IT WAS a lovely summer afternoon, a woman from Cromane telling me of how her children were eager ‘to go camping’ so they pitched their tent in the back garden.
The night proved rainy and damp, however, their mother believing that this would surely dampen their enthusiasm. Not a bit of it; they were just as eager as before, one of the children telling her that the sea had a different sound when they heard it outdoors at night.
Cromane has a spectacular bay, so that when the day is bright and sunny, when the mountains and the sky are blue on blue, then it is the next best thing to living in a postcard. Another child also told me of the delights of camping outdoors in the back garden. ‘We could see the stars. They looked warm and close like they mightn’t be very far away at all” she enthused.
The writer Robert Louis Stevenson would surely have identified with her sentiments for he too celebrated the joys of spending the night out of doors. The Road to Reading was the name of our English reader at school, the front piece showing a print of the cathedral cliffs, Achill, from a painting by Francis Walker RHA.
One of my favourite pieces in the book was Stevenson’s ‘A Night Among the Pines? Night, he wrote, was dead and monotonous under a rood, but in the open world it passes lightly with its stars and dews and perfumes. Then the hours were marked by changes in the face of nature, so that what seemed dark to people choked by walls and curtains was “only a light and living slumber to the man who sleeps a-field?”
He described how those who sleep outdoors can hear nature breathe deeply and freely all night long. It is a lovely idea, the idea of nature taking breaths, long green breaths, through the long green meadows and groves. He did not put it into so many words, but he was clearly saying that those who sleep outdoors do so in harmony with nature.
Of course there are many in great cities and towns who are forced by circumstance to sleep rough in doorways and alleyways and parkways. It is not a choice they make; it is something that is forced upon them, and so they deserve our support. Stevenson was not writing about such people of course, but about who choose to sleep outdoors in the summer time.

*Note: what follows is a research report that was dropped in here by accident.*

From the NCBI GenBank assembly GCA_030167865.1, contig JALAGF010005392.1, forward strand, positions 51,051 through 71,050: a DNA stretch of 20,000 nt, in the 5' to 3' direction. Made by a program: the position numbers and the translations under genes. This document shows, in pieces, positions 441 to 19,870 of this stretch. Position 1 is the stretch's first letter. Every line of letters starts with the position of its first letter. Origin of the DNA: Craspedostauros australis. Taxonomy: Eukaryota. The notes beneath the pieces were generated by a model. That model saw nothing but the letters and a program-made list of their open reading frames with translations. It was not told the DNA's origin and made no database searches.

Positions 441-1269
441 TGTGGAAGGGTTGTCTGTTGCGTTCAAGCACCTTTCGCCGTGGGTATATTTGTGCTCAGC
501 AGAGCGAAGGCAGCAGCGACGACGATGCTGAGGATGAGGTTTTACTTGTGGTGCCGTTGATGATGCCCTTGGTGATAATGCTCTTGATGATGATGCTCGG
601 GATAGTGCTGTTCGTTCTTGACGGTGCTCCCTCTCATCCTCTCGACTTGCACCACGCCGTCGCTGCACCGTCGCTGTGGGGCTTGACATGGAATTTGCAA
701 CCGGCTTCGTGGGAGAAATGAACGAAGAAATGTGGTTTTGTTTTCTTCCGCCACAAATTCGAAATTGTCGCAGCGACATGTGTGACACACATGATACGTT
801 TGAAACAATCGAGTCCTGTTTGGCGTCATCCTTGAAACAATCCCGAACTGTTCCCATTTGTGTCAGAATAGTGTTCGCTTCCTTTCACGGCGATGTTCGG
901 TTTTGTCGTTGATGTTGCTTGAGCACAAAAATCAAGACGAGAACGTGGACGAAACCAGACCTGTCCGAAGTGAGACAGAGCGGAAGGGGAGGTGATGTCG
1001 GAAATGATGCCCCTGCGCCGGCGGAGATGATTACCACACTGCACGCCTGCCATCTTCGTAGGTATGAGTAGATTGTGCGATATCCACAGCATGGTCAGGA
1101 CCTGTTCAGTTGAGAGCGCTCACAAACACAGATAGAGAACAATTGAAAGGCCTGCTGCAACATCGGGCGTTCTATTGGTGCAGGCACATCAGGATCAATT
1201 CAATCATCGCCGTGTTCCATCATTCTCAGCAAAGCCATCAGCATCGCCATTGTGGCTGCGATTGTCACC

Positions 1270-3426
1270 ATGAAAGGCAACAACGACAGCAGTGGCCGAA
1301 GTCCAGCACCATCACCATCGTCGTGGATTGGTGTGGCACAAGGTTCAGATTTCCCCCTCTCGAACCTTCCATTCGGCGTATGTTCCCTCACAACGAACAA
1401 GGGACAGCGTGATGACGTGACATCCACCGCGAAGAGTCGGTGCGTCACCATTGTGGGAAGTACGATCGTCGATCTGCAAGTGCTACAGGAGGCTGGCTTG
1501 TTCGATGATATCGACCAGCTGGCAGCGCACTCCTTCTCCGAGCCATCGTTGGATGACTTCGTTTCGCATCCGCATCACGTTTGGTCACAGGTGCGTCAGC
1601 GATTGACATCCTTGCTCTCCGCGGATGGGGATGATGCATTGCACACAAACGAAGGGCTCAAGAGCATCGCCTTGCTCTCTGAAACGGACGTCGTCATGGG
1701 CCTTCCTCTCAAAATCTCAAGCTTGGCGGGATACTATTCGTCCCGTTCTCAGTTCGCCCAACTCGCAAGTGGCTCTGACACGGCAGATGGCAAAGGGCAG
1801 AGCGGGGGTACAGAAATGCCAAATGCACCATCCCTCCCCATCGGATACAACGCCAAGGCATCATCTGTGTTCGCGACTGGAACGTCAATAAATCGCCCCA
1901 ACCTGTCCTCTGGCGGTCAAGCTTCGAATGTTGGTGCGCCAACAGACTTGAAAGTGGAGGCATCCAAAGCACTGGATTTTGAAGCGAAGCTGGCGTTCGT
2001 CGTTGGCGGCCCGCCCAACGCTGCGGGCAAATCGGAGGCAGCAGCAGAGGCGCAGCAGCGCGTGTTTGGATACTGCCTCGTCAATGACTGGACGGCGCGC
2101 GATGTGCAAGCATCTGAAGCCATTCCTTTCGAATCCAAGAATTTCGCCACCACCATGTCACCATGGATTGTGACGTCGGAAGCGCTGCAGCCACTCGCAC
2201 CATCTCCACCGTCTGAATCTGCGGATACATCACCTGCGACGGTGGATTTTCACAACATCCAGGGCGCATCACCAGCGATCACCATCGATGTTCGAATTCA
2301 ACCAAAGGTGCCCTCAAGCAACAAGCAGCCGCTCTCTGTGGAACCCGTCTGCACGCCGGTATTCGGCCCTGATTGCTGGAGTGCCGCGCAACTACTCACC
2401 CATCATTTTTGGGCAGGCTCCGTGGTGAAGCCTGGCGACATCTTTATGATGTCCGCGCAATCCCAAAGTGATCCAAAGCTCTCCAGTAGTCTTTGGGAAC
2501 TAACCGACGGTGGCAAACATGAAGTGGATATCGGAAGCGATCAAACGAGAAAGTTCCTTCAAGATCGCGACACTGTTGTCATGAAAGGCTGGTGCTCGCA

THE STARS were like jewels, he wrote, the sky reddish-grey behind the pines and a glossy blue-black between the stars. He thought of the great outdoors as a gentle, habitable place, where night after night, a man’s bed was laid and waiting for him in the fields, where God keeps an open house.
It is a lovely sentiment, and it is no great wonder that it struck a chord with me even then for I loved the countryside and everything about it: the woods and groves and meadows that were so much a part of our growing up, the black Kerry cows in the fields, the ducks and the geese in the farmyards. Even then we had makeshift tents of our own, but though we played in them in the day time, I don’t ever remember staying out in them at night.
We sometimes went ‘visiting to a neighbour’s house, however and found ourselves walking home in the early night. It might be just down the hill to hear the gramophone at Jack’s house, the sound of the old seventy eights wonderfully crackly and atmospheric, the cranking of the handle very much pit of the preliminaries. It might have been further afield to hear someone play the fiddle, or melodeon, or to sit and marvel again at the very first tv in the area.
Television, like everything else, was black and white in those days. The world of nature was a world of colour, but so much else was black and white. It was lovely to be walking home in the night, the hedges heavy with the scent of honeysuckle , the light-winged moths fluttering around them, the scent of the grasses too all green and rich and wild.
THE AIR heavy and close, the bats sometimes sweeping past over heads in the little leafy lane. If the truth were told we weren’t very keen on the bats, afraid as we that they might strike against us. Loveliest of all, the moon shining in the river. I don’t know if we thought of it then but it was like some enchanted sky boat leaving a wash of silver in its wake, a wash so soft, so still it was hard to know which was the river and which was the light.
Looking back it was as if we had a friend in the sky the moon keeping us company all the way home, the whistling of the curlews more and more resonant still in the still of the summer’s night. If only we knew, we too knew something of the magic of summer nights outdoors.
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